Agatha Christie's Poirot is a British television drama that has aired on ITV since 1989. It stars David Suchet as Agatha Christie's fictional detective Hercule Poirot. It was originally made by LWT and is now made by ITV Studios. In the United States, it airs as Poirot. Suchet was recommended for the part by Christie's family, who had seen him appear as Blott in the TV adaptation of Tom Sharpe's Blott on the Landscape.
Family Fortunes (since 2006 known as 'All Star Family Fortunes') is a British game show, based on the American game show Family Feud. The programme ran on ITV from 1980 until 2002 before being revived by the same channel in 2006. It is currently shown on ITV1 each Sunday evening. It was originally produced by ATV, then by Central and finally by Carlton, who had acquired Central. The 2006 revival is produced by Talkback Thames.
University Challenge is a British quiz programme that has aired since 1962. The format is based on the American show College Bowl, which ran on NBC radio from 1953 to 1957, and on NBC TV from 1959 to 1970. University Challenge aired for 913 episodes on ITV from 1962 to 1987, before being cancelled. It was revived by the BBC in 1994, and has aired since on BBC Two.
The Krypton Factor is a British game show. The show originally ran from 1977 to 1995, and was produced by Granada Television, hosted by Gordon Burns and usually broadcast on the ITV network on Mondays at 7pm. Contestants from across the United Kingdom and Ireland competed in a series of rounds that tested their physical stamina and mental attributes.
Emmerdale, known as Emmerdale Farm until 1989, is a popular and critically acclaimed British soap opera that has aired on ITV since 1972. It is set in the fictional village of Emmerdale (known as Beckindale until 1994) in West Yorkshire, England, and was created by Kevin Laffan, with Steve Frost and Gavin Blyth serving as Executive Producer and Series Producer respectively since 2009. Emmerdale is the third most popular soap opera on British television, behind Coronation Street and EastEnders.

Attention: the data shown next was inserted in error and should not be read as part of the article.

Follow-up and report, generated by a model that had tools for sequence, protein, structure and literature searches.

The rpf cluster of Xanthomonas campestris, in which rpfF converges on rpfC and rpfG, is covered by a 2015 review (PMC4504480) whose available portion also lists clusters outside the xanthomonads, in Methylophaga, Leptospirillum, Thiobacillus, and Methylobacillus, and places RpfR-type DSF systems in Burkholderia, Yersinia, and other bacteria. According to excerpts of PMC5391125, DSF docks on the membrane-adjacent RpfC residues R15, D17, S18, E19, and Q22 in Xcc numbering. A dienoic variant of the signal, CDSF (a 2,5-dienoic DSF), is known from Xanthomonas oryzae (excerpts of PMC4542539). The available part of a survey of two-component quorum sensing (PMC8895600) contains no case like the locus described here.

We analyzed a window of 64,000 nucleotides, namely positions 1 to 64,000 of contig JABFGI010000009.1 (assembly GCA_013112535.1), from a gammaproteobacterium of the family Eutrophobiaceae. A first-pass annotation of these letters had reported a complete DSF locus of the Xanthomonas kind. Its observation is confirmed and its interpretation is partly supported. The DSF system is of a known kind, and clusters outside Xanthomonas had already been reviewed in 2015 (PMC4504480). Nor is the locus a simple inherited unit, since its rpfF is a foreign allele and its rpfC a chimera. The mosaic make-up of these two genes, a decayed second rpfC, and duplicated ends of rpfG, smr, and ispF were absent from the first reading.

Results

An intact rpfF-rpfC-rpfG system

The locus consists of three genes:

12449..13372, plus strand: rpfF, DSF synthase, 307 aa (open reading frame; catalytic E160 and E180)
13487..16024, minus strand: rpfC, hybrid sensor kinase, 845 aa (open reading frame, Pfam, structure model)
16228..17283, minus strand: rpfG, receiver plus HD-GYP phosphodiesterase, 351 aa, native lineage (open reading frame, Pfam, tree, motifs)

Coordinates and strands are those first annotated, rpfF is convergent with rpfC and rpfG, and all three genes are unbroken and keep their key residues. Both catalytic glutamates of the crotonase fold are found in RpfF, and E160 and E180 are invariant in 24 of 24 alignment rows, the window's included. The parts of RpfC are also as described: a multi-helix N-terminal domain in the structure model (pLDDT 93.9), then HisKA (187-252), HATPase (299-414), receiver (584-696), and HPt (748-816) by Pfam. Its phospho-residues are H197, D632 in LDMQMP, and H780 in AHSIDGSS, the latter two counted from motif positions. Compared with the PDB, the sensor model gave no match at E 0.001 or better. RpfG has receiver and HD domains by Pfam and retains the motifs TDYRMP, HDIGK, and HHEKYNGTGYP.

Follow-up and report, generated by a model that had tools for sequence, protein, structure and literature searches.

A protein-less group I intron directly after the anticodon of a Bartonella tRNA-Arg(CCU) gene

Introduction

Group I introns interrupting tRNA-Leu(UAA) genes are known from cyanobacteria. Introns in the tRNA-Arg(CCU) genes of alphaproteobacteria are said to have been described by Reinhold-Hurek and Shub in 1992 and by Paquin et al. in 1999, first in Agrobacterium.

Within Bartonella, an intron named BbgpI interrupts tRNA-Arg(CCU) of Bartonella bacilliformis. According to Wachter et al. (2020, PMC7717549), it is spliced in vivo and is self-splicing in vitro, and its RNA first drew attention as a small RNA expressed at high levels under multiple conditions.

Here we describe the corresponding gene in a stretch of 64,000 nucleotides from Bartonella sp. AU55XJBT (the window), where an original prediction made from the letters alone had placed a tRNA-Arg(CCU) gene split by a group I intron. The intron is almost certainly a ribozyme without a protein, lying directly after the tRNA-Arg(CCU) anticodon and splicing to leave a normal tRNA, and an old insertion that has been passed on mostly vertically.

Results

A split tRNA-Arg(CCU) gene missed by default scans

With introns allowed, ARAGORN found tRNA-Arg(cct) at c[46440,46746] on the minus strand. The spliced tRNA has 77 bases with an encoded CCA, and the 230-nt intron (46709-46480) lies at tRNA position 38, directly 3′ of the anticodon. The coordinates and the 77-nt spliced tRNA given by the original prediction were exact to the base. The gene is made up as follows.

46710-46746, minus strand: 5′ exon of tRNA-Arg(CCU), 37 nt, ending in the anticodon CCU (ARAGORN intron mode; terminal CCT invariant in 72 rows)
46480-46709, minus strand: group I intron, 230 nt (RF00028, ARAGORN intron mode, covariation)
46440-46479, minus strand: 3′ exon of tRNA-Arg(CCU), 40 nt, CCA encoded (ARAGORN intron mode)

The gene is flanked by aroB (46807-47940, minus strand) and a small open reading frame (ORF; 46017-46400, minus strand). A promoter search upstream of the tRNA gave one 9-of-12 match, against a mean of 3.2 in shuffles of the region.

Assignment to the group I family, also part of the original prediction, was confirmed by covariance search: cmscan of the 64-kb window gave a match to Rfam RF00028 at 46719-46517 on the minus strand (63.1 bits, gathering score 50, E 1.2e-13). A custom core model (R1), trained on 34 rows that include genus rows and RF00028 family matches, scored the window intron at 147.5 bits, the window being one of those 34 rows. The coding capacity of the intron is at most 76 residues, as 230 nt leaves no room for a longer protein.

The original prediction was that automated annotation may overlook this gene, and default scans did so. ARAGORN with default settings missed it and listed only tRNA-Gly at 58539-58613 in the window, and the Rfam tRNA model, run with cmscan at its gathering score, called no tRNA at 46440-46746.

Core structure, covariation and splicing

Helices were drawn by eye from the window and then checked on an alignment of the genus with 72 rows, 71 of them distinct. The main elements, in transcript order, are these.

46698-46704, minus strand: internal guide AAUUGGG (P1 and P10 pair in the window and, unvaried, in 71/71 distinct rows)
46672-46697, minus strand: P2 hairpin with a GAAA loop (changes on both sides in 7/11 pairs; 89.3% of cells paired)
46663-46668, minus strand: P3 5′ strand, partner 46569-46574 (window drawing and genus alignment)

Auf Wiedersehen Pet is a British comedy-drama series about a group of seven British migrant construction workers: Wayne, Dennis, Oz, Bomber, Barry, Neville and Moxey, who, in Series 1, are living and working on a German building site. It was created by Franc Roddam and mostly written by Dick Clement and Ian La Frenais, who also wrote The Likely Lads, Whatever Happened to the Likely Lads? and Porridge. Stan Hey also contributed writing a number of episodes.
General Hospital was a British daytime soap opera produced by ATV which ran on ITV from 1972 to 1979. It was modelled after the American drama of the same name. In 1972 ITV started to broadcast programmes on weekday afternoons triggering a new wave of productions to fill out the extended schedules.
Stars in Their Eyes was a British television talent show that ran from 1990 to 2006 in which contestants impersonate showbiz stars. It was made by Granada Television for ITV, based on Joop van den Ende's Dutch format, Soundmixshow. It remains one of the UK's most successful shows attracting around 13 million viewers for the live grand final at the end of each series. It has one of the most memorable catchphrases in TV history: 'Tonight (presenter name) I'm going to be...
The World at War is a 26-episode British television documentary series on World War II and the events immediately before and after it. It was produced by Jeremy Isaacs, narrated by Laurence Olivier, and has a score composed by Carl Davis. A book, The World at War, was written by Mark Arnold-Forster to accompany it. The series, which made use of rare colour film footage, was commissioned by Thames Television during 1969.
The Jewel in the Crown (1984) is a British television serial about the final days of the British Raj in India during World War II, based upon the Raj Quartet novels by Paul Scott. Granada Television produced it for the ITV network.
Prime Suspect is a British police procedural television drama series made by Granada Television for the ITV network in the 1990s and 2000s. The teleplays for the first and third serials (and the story for the second) were written by Lynda La Plante, and in 1993 she received an Edgar Award from the Mystery Writers of America in the category of Best TV Feature or Miniseries for her work.
Robin of Sherwood (retitled Robin Hood in the United States), was an acclaimed and highly influential 1980s British television series, based on the legend of Robin Hood. Created by Richard Carpenter, it was produced by HTV in association with Goldcrest, and ran from 1984 to 1986 on the ITV network. The show starred Michael Praed and Jason Connery as two different incarnations of the title character.